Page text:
Broadway stars still making music together
Fred and Ginger. Jerry Lewis and Dean Martin. Jay-Z and Kanye West. Anthony Rapp and Adam Pascal?
It’s not hard to imagine that the close friends and Broadway superstars could be recognized as the next great pair in entertainment. Now, the duo formerly known as Mark and Roger are coming to SOPAC for one night only.
Rapp and Pascal, both accomplished singers, musicians and actors, have been friends ever since they originated the roles of Mark Cohen and Roger Davis in Jonathan Larson’s beloved rock opera “Rent.” In the musical, Rapp and Pascal played artists and roommates struggling to pay the rent and find something meaningful in the AIDS-stricken Manhattan of the 1980s. “Rent” was a critical and commercial hit, earning a Pulitzer Prize and four Tony Awards, becoming Broadway’s ninth longest-running show and inspiring a film adaptation that featured many of the original cast members, including Rapp and Pascal. Since their original show-stopping performances in “Rent,” the two have sung together numerous times around the world.
“It’s great for us to get together and perform,” Pascal said of his upcoming show with his old friend.
Pascal said he tries to keep in touch with all of the former cast members of “Rent.”
“Obviously we have a friendship and a connection that will last forever,” he acknowledged. “But you know, people get busy, and they drift a little.”
Easy to do, especially, for artists as busy as Rapp and Pascal. Pascal currently stars in the lead role of Huey Calhoun on Broadway’s “Memphis,” amid working on other side musical projects. Rapp will star as Andy Warhol in the rock musical “POP!” at the City Theatre in Pittsburgh starting May 5. He is also in the middle of negotiations to stage a production of his musical memoir, “Without You,” in the fall.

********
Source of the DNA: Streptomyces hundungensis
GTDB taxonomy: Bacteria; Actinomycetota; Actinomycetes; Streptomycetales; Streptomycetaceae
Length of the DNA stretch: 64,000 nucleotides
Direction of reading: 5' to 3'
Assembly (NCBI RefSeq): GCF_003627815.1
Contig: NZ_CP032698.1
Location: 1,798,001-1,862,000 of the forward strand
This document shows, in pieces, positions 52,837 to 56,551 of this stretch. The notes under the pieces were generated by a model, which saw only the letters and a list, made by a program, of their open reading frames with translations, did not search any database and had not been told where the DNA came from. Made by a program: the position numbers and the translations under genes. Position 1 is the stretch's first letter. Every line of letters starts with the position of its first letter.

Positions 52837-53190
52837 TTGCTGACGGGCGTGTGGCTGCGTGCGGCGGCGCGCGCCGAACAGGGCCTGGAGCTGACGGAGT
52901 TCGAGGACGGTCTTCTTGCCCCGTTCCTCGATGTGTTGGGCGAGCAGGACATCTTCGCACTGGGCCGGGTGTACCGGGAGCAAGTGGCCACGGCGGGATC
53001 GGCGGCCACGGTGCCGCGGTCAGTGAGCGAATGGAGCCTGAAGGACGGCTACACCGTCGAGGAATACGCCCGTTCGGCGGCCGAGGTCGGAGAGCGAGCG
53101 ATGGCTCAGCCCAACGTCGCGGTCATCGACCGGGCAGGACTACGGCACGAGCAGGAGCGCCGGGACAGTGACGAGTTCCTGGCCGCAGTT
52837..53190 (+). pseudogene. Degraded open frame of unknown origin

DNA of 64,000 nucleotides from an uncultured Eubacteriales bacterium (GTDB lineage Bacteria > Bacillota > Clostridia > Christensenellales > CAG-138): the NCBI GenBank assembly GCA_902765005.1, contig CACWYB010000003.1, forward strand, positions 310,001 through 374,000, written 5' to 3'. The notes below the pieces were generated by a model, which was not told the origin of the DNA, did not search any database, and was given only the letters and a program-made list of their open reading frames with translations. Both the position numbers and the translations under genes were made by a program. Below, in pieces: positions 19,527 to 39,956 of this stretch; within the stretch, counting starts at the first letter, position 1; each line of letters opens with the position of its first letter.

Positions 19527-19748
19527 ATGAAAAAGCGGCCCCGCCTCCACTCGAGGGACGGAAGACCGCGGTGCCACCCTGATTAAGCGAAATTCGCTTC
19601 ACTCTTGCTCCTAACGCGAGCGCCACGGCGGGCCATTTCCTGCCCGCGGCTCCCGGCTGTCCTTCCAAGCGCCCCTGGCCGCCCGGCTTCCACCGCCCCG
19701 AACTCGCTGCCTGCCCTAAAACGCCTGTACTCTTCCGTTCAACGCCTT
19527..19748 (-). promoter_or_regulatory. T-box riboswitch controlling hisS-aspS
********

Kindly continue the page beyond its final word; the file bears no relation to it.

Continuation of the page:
“Working on ‘Without You’ is very exciting,” Rapp said of the possible production. “I’ve dedicated myself to it for the past few years, so it’s exciting to have that come to fruition.”
Pascal and Rapp share plenty in common, but including their continued humility and honest amazement at the impact their musical careers have had on fans.
“In the summer of 2007 (Anthony and I) returned to perform in ‘Rent’ on Broadway,” Pascal said. “And we weren’t sure people would even be interested. And then outside the stage door after that first show, there were hundreds and hundreds of people clogging the streets, and you could just feel the energy, the heat. I wasn’t expecting it. It was so visceral and bigger than anything we had expected.”
Rapp said he enjoys the opportunity to talk to his fans.
“It’s nice to hear how the performance affected them,” he said. “People’s response to our work is often very personal, and people will often share stories about how it touched them. That’s special. It’s not like meeting someone who’s been on TV or something. There’s something more.”
Luckily for audience members of the SOPAC show, there is a premium ticket option which includes a post-performance reception with the two stars.
Also on the agenda for the SOPAC performance: Broadway classics, rock and roll staples, a few original songs, and of course, the songs from “Rent” that made them famous.
“We’ve been doing this long enough that we know what people like, and we know what they want,” Pascal said. “We sing an appropriate amount of ‘Rent.'”
“We’ll definitely sing ‘What You Own,’ ‘Without You,’ and we’ll do ‘Seasons of Love,'” Rapp assured.
Rapp and Pascal are not content to sing only fan favorites, however. Pascal, who plays bass and performs with a piano player onstage, likes to include mash ups and new riffs on classic Broadways songs such as “Maria” from “West Side Story” and “I Don’t Care Much,” from “Cabaret.”
“If I hear something in a song, I try to exploit it and build on it,” Pascal said of how he comes up with his original arrangements. “The idea usually comes to me as I listen to it. So with ‘Maria,’ for example, there’s that melody orchestral part – dah dah dah,” he sings. “I turned that into a bass line and suddenly, the song becomes a jazz piece.”
Rapp, on the other hand, plays with a five-piece rock band and prefers covers such as R.E.M’s “Losing My Religion” and Radiohead’s “Creep.”
“I grew up in the 80s, so I love that new wave stuff,” Rapp said. As for his band, “We’re not always loud, but we’re not a cabaret either.”
Rapp and Pascal’s performance will be on Saturday, April 14 at 8 p.m. As of press time, tickets are still available, and can be purchased online at www.sopacnow.org.
Erin Bell can be reached at email@example.com.
Kristyn Lyncheski contributed to this report. She can be reached at firstname.lastname@example.org.